• I’d like to know as well. I’m hard pressed to justify a full rifle that I have little use for, but a separate upper that I can slap on my stamped SBR lower might be fun.

  5. A lot of us leave in urban/suburban areas where there is A) nowhere near by to shoot a rifle round. B) its too much gun Pistol caliber rifle/carbine is ideal in those scenarios

  6. “According to the guys at SIG SAUER, the reason for the two versions is that getting that last little detail right for the other calibers was just taking way too long. So they wanted to get the MPX out and into the hands of customers rather than delay it any longer and increase the chance of it becoming just another piece of gun industry vaporware.”

    GUYS
    DIDN’T…DIDN’T SIG DO THIS…ALREADY? LIKE, TWICE OR MORE?

    I’m having flashbacks to the premature releases of the p250, the 556r, the 556xi…

    I think their execs are just shoving the gun out the door for sales as soon as the 9mm specs were “mostly stable” rather than “100%.”

    Now I’m pretty danged sure that we’re going to see another lemon-model series from Sig where the entire first generation has terrible QC and actually kills the ongoing popularity and sales of the model line (though, if the 556xi is any indication, Sig may be bad QC across the board).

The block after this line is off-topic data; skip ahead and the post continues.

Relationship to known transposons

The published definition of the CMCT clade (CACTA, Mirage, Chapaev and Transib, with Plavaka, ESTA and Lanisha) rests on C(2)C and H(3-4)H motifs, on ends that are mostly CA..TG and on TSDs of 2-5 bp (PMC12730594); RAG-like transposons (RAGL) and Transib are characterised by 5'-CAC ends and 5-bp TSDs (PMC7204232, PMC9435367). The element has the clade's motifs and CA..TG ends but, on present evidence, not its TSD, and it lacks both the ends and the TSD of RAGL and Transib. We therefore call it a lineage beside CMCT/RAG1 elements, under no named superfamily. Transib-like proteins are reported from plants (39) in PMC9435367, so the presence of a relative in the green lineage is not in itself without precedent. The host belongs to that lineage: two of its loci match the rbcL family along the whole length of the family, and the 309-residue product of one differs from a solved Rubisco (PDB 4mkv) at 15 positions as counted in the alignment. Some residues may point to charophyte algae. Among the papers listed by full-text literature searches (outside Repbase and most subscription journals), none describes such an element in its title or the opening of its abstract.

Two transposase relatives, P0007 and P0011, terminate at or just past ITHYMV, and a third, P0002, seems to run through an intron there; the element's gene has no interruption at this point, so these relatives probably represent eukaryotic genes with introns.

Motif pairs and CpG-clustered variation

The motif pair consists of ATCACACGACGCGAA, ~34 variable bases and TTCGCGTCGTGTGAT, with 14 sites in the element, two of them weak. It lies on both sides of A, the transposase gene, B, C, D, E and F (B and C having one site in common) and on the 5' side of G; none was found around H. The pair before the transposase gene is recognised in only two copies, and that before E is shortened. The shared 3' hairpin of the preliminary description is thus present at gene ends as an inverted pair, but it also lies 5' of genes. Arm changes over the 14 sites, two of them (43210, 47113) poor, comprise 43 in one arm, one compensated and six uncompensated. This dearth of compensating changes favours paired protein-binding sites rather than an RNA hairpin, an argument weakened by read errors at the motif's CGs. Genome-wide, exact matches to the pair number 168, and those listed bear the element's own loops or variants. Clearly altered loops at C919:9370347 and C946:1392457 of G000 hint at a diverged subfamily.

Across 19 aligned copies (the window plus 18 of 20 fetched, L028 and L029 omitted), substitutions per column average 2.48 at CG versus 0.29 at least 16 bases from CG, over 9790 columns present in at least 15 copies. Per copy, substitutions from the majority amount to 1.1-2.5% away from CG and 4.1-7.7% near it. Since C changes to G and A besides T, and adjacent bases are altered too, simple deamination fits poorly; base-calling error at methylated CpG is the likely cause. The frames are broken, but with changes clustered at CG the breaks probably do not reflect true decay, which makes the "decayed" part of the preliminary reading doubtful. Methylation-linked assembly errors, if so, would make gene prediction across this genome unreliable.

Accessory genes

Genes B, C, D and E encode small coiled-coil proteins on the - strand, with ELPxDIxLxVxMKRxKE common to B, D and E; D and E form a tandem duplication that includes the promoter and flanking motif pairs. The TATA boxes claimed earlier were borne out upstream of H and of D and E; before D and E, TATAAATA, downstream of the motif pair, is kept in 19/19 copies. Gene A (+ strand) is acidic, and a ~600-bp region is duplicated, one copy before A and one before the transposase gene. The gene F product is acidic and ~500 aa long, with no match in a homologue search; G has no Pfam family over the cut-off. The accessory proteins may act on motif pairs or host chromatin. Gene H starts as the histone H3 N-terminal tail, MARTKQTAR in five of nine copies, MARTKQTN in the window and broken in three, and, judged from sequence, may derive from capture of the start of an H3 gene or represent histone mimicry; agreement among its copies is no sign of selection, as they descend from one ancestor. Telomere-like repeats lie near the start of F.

I LIKE Sig’s designs and aesthetics and I don’t want to badmouth them. I literally want to be a Sig fanboy.
    The problem is that the company isn’t giving me much hope considering their previous performance.

    • I made the mistake of buying the 556XI on launch. After literally going through CS and getting 3 new rifles, having to pay the FFL fees each time, I simply gave up on it. I don’t get how TTAG has good luck with Sig products, but after that debacle I am never, ever touching anything Sig again in my life. It was really disheartening.

      • Oh dear… That’s seriously disheartening to me.

        I love Sig’s aesthetic in their designs (if I had to describe it, I find it to be the 90’s spacegun that Walther pistols always wanted to be but ended up somewhere in Glocksville), and their engineering ideas are top-notch in the relatively static whole-gun market (i.e. ARs, AKs, milsurp, and $2k+ snowflakes).

        But if they cannot be released as good as they are on paper, then they’ll have to be burned from my Want list (and my heart).